- Untag yourself on social media at non work functions. One of the advantages of working from home is the flexibility of attending school concerts or social events and catching up on work later. However, being tagged a swanky restaurant with a glass of champagne can be viewed unfavorably by the cubicle dwellers still at the office, clients and also the boss. Ditto for Facebook “checking in” at the hairdressers or golf club.
- Podcast. When you are working from home as well as caring for someone there are inevitably time-consuming tasks that just have to be done. Use this time to podcast all the latest in your field of expertise. There are podcasts available from most of the world’s leading universities, journals and experts in pretty much every area. When you find the right podcasts the professional development opportunities are stunning. By the time you make it back to the office you’ll be ready to run the company. If you are running your own business from home you’ll be able to tap into the best advice the world has to offer.
- Productive pauses and your inner genius. If you are working and parenting or caring you’ll know a thing or two about interruptions, or productive pauses as well like to call them at cognitive behavior therapy. But it’s true. Stepping away from your work gives you time to reflect, time to think which is in short supply in most workplaces these days. It is amazing the creative thinking and mental problem solving that can be done while making sandwiches, folding laundry or chatting to the baby. (Note: babies are fascinated about your work and will chat to you about it for ages. Teenagers not so much.) Keep a note pad handy so when you return to work that night you’ll be ready with your inspired solutions.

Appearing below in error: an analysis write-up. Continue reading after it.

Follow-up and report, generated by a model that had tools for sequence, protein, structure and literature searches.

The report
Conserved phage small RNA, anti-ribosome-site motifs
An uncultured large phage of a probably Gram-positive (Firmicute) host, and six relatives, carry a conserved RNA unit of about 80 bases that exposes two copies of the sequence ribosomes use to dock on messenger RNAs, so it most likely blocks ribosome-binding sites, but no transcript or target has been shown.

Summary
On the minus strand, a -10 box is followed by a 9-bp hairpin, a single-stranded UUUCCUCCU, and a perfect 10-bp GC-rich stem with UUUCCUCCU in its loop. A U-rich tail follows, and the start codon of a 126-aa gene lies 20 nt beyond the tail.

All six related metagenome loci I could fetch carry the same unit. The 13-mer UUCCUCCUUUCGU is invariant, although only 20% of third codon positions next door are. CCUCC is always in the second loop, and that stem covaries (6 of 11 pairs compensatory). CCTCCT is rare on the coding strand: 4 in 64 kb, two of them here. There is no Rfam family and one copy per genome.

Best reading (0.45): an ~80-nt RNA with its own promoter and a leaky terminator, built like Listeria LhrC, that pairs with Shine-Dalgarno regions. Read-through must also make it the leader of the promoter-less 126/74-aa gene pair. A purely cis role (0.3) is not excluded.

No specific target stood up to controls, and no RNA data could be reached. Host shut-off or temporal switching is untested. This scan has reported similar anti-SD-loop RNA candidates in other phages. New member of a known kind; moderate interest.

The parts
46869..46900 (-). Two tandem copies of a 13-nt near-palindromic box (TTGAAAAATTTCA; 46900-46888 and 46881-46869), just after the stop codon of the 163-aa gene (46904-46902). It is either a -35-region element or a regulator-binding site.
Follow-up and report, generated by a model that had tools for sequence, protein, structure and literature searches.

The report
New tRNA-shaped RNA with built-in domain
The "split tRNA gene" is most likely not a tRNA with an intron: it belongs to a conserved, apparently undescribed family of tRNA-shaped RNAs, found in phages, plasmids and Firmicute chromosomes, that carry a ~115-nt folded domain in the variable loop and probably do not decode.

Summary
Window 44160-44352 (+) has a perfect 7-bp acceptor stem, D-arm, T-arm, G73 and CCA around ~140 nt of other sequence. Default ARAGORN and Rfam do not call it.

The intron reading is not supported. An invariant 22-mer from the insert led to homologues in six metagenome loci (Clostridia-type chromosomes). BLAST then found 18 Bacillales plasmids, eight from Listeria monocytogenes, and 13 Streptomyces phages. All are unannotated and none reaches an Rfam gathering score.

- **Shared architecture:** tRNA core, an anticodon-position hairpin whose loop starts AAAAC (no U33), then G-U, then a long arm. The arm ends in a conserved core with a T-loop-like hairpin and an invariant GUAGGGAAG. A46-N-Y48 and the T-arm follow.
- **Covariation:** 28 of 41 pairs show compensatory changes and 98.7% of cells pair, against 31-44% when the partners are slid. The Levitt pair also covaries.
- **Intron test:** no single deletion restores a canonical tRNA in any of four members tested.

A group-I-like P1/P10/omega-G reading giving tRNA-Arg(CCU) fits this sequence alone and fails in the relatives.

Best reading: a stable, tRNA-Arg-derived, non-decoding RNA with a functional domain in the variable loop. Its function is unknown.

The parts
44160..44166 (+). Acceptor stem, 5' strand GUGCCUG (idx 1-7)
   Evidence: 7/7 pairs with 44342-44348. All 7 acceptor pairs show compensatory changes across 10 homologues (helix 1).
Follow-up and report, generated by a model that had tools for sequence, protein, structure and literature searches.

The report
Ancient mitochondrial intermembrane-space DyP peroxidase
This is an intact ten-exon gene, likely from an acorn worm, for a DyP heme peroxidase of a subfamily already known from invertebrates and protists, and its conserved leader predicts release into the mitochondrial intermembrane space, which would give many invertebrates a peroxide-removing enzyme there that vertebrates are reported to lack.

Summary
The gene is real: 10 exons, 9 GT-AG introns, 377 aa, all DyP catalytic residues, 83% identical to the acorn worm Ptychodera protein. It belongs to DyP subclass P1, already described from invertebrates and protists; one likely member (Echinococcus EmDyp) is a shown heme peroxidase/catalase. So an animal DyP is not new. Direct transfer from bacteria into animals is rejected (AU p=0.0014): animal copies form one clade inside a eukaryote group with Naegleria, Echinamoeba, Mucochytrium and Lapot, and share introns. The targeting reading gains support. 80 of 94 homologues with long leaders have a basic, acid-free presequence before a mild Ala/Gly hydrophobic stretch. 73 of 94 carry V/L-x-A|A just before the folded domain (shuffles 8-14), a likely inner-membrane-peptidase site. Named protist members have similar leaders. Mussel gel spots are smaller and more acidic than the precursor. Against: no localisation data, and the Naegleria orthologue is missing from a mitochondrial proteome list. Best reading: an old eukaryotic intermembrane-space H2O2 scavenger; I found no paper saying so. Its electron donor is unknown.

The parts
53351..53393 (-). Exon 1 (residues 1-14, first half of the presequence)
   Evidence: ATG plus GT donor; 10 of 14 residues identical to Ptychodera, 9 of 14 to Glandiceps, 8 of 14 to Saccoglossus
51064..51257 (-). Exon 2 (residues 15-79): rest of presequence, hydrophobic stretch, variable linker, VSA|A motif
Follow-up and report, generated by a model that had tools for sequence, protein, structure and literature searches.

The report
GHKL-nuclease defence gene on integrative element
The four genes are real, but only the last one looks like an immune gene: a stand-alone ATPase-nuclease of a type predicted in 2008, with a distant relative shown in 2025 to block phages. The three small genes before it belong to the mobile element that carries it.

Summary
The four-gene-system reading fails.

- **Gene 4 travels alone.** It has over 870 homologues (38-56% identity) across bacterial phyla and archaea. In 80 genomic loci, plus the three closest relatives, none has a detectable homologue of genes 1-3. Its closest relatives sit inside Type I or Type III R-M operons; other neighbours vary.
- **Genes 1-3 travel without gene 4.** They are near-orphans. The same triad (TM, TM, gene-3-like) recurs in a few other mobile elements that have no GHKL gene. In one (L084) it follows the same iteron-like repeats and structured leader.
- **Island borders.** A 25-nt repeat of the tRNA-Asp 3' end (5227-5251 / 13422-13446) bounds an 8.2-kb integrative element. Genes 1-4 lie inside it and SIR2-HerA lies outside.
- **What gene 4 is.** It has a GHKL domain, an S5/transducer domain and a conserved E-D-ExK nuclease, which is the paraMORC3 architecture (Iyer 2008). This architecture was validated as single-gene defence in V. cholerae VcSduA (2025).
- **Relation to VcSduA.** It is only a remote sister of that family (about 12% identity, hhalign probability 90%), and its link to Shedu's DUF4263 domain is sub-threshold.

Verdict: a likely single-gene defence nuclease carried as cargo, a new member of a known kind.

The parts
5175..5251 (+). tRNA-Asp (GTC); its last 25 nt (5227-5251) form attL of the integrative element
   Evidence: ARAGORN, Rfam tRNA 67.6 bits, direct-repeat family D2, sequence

- A room of one’s own. Plenty of people are incredibly successful working at the kitchen table, but if you can have your own office, and physically separate yourself it is easier for people, yourself included, to understand that you are “at work”.
- Stay part of the team. Maintain connectedness by always attending meetings (teleconference) and taking the initiative to participate. Make sure you are one of the first calls so you can spend the time waiting for everyone to join catching up on office small talk. If possible try to get to some meetings in person – just to make your presence known.
- Respond promptly. Modern technology means you can respond promptly, no matter where you are. Nothing grates more to an office worker or client when the telecommuter is “missing in action”, especially in a crisis.
- Exceed expectations. There is a reason telecommuters are more productive than office workers. They work harder to over deliver on every project and keep everyone happy.
- Take care of yourself and be realistic. Being a perfect parent/carer during the day and working every spare moment and into the night is not sustainable. If you work for yourself set realistic expectations of projects and timeframes so you always over deliver. If you work for someone else be honest with the hours you are able to commit.